Depending on your belief system, the second wildcard will be won at either 88 or 89 games. Hell, maybe you're really crazy and think it's 87 or 90. I won't speak for you. Going with 88/89 games, however, let's play that out. Fifty-one games remain on the Seattle Mariners schedule before the postseason begins in earnest. Of the remaining teams to be played, only five have winning records. That includes six games remaining against the Astros, three with the Blue Jays, the Yankees, and two remaining against the Tigers. The rest of the teams in the remaining schedule, the A's, Angels, Brewers, White Sox, and Twins, lay about like so many sticks of kindling near a great and growing fire. They are to be eaten, not to be fed.
Fifty-one games remaining, with a need to achieve 88/89 wins. That's either a 30-21 or 31-20 record from here on out. It's not an outrageous streak, it's playing either .588 or .607 ball to close the year against the cannon-fodder of the AL West (the M's have ten remaining against both the Angels and A's) and other assorted trash. Not counting the recently-gutted Yankees, twenty-nine of the remaining games are against basement-quality opposition.
Meanwhile, the Mariners have done nothing but return to their talent level. A .588 ball club, even a .600 club doesn't feel too far-fetched for a team still waiting for Nelson Cruz and Robinson Cano to heat back up. Mike Zunino has come in, taken the starting catcher job by the throat, and improved the position over an already passable Chris Iannetta. Guillermo Heredia has made starting Norichicka Aoki no longer necessary. Shawn O'Malley is riding a hot streak well-above his pay grade. The rotation, while needing bolstering, is steady with the likes of Felix, Kuma, Paxton, Ariel Miranda, and Wade LeBlanc. Out of the blue, Jerry Dipoto has created a flame-breathing monster of a bullpen, an ancient demon that is only getting stronger with the likely returns of Steve Cishek and Charlie Furbush. This is still the second-best offense in the entire league by wRC+. The pitching staff is still league-average in FIP.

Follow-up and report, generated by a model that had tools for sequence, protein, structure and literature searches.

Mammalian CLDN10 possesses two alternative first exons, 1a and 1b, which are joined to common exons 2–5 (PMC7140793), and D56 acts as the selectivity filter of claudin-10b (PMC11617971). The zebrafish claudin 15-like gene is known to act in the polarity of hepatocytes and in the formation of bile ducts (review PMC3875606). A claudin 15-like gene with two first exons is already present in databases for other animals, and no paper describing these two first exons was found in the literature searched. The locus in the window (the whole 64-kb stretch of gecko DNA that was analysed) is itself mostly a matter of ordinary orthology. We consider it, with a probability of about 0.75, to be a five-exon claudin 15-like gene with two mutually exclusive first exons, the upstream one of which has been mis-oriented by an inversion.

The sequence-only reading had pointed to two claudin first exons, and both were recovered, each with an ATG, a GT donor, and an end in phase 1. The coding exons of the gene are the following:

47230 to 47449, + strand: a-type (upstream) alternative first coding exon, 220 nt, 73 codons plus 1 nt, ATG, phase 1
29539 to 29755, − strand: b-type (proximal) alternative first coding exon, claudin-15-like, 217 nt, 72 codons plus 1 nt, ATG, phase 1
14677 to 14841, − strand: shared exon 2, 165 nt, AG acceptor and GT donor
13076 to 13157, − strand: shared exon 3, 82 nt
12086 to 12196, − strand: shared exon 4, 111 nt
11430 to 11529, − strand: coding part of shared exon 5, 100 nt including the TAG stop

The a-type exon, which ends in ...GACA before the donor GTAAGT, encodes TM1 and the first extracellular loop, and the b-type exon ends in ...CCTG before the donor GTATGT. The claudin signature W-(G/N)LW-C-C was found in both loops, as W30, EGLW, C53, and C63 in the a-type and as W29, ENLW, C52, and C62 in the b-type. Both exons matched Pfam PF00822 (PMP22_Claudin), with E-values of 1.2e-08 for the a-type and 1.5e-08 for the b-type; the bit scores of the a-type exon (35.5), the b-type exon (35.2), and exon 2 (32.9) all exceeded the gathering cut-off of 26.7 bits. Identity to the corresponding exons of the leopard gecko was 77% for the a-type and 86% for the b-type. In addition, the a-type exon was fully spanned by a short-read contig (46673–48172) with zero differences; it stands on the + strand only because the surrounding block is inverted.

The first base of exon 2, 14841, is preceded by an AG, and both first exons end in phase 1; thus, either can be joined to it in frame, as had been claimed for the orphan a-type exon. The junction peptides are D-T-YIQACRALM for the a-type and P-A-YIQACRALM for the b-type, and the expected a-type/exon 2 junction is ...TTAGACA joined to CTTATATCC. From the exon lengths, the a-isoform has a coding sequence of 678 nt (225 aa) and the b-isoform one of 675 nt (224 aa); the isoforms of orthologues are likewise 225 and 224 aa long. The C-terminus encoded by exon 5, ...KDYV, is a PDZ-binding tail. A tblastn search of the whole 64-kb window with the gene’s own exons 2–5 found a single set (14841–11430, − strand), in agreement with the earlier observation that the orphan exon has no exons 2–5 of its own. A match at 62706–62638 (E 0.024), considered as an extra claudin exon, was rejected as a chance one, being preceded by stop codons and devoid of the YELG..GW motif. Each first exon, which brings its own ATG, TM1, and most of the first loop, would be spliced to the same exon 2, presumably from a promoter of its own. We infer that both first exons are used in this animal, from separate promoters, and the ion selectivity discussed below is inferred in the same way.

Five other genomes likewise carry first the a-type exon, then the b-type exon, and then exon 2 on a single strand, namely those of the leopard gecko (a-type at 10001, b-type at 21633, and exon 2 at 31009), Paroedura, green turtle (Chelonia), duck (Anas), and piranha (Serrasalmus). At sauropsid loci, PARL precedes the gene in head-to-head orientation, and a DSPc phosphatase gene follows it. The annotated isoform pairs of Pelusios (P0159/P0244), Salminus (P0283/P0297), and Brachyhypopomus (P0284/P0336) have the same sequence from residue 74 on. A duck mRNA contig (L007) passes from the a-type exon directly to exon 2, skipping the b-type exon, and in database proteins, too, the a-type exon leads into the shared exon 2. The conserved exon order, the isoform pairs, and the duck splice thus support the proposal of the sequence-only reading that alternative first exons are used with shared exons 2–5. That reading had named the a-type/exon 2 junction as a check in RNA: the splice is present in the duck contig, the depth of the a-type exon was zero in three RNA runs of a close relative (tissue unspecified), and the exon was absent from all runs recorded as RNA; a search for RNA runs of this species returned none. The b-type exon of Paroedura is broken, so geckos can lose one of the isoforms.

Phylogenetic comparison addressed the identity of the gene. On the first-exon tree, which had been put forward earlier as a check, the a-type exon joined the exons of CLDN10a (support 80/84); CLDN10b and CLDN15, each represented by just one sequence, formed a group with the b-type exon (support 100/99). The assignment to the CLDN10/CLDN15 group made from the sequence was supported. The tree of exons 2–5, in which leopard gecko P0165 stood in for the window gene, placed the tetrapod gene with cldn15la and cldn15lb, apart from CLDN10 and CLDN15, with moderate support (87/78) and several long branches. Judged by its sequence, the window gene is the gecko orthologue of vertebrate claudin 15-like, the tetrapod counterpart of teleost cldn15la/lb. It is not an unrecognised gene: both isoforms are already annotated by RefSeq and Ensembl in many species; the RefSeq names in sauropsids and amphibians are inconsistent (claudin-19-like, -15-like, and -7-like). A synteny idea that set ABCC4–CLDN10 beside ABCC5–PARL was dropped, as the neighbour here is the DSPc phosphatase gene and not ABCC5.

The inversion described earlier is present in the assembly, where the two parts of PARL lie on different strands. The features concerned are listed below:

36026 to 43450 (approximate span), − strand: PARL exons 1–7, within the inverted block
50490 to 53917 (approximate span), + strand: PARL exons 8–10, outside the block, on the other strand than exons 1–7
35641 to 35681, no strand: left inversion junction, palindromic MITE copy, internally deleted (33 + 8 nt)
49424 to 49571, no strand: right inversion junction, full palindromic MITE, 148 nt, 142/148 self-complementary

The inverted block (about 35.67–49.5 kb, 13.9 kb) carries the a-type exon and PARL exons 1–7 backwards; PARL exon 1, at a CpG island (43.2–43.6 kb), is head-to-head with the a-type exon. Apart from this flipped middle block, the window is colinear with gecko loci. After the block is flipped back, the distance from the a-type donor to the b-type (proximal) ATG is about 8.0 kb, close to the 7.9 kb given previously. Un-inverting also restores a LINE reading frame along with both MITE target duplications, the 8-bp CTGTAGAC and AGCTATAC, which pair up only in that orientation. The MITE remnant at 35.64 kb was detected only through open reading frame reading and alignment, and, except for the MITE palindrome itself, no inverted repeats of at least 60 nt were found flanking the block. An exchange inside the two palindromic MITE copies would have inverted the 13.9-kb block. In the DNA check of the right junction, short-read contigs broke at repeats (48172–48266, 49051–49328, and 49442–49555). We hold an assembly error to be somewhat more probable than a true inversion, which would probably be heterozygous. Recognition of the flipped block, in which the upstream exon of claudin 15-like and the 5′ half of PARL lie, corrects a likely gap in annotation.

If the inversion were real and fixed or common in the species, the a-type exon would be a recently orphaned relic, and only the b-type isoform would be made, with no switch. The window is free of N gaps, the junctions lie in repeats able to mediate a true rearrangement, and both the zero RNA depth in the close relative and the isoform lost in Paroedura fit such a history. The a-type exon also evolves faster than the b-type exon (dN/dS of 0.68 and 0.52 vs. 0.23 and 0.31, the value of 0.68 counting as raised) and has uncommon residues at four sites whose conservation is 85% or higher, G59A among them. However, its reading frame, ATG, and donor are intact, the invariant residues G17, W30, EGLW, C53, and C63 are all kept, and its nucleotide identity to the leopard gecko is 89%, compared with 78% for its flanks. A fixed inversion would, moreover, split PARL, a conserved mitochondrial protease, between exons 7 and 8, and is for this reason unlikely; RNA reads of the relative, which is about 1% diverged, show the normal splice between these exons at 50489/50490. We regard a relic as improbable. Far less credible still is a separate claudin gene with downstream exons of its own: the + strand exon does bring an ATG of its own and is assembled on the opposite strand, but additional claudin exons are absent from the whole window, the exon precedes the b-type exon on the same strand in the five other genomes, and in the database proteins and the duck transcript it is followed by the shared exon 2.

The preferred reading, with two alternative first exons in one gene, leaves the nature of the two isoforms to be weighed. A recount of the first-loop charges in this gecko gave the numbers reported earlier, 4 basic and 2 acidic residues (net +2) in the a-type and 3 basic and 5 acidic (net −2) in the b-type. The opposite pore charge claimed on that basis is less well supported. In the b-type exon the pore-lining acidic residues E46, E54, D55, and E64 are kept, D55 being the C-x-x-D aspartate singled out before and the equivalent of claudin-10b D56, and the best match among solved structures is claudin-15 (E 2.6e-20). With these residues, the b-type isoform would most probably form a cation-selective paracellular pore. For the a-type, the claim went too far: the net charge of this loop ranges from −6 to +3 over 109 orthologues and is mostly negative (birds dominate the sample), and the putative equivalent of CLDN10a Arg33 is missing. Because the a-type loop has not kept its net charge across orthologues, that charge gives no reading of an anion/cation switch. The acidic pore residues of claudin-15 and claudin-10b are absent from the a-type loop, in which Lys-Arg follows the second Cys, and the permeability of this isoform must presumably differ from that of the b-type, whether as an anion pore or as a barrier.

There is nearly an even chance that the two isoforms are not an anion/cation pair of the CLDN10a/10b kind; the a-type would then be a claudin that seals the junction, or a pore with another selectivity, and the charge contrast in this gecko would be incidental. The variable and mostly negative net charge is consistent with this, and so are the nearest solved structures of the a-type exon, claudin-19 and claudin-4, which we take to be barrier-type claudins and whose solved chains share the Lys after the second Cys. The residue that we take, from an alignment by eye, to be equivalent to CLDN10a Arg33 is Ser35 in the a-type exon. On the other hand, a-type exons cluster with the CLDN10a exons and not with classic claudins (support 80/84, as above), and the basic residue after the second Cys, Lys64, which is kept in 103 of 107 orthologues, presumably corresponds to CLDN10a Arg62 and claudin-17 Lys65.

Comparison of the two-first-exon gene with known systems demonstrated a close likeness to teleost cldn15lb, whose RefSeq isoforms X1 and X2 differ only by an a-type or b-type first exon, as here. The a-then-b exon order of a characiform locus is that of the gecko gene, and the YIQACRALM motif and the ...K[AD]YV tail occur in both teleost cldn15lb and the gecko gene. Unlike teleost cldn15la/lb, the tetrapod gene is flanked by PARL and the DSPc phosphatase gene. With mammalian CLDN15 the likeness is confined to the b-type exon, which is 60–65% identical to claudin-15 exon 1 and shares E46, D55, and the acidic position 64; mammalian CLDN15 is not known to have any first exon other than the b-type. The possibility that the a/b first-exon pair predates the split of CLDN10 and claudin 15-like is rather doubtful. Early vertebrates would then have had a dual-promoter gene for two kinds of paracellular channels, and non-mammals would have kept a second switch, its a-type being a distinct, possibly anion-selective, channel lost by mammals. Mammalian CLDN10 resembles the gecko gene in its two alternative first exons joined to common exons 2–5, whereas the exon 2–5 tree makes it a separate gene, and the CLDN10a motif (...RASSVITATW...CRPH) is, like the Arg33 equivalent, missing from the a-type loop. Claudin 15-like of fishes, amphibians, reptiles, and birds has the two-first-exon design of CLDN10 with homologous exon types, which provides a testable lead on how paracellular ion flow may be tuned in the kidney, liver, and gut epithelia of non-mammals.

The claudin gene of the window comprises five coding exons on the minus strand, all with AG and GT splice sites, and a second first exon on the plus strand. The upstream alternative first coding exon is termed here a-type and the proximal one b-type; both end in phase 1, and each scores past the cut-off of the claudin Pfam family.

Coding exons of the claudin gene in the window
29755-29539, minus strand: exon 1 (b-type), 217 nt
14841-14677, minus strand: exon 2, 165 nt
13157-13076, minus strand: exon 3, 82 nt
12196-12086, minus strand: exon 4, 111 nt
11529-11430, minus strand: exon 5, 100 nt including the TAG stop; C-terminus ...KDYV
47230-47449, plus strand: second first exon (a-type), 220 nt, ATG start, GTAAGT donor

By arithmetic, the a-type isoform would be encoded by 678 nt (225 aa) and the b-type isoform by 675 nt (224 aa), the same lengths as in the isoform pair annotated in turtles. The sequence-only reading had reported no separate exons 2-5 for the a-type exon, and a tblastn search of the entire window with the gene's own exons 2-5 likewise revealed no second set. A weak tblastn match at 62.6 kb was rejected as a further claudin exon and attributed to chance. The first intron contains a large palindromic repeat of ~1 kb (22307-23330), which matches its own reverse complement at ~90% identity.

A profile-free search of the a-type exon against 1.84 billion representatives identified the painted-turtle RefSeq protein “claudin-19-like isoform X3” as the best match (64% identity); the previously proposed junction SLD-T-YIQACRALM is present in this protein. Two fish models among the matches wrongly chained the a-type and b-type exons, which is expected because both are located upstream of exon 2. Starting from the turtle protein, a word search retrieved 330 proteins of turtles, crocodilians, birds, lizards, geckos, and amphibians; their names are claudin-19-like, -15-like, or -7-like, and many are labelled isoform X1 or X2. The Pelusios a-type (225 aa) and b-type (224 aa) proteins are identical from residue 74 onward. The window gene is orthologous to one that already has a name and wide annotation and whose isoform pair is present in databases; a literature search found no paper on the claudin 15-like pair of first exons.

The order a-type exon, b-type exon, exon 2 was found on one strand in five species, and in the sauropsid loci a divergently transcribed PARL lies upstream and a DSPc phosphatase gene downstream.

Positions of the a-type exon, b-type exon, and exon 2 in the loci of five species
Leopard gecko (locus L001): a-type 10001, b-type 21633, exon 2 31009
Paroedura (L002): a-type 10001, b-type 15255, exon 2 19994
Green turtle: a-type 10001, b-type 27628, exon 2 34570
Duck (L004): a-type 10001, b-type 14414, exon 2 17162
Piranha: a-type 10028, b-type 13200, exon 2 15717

For a brief moment, I want to go back to the beginning, perhaps a false one. The night that Robinson Cano hit that seventh-inning home run in mid-September to tie the game at two. If you can't remember the night exactly, look a little harder. The packed house, the black shirts waving. Safeco absolutely about to explode in anticipation of what looked like the only outcome. Of course, we remember the real outcome. The King would eventually walk off his thrown, cap held towards the full house standing to thank him. One game short. Then there was last year, full of false promise. We weren't sure about this season. The odds were long, the division strong. Yet, here we are, under a new regime, in a year we weren't given much chance, knocking down the door.
It is time to shrug off the chains of the past fifteen years. The Kid told them just as much in front of more than one-hundred thousand on-lookers this weekend.
I'm not sure this all began when Fernando Rodney walked in the winning run on Night Court, but I'm also not sure it didn't.
One more thing, I haven't mentioned until now. Scroll up to the current division standings. Seven games between us and the top.
The Seattle Mariners have seven games remaining against the Texas Rangers.
There was a time to plant. Now it is time to pluck up what has been planted.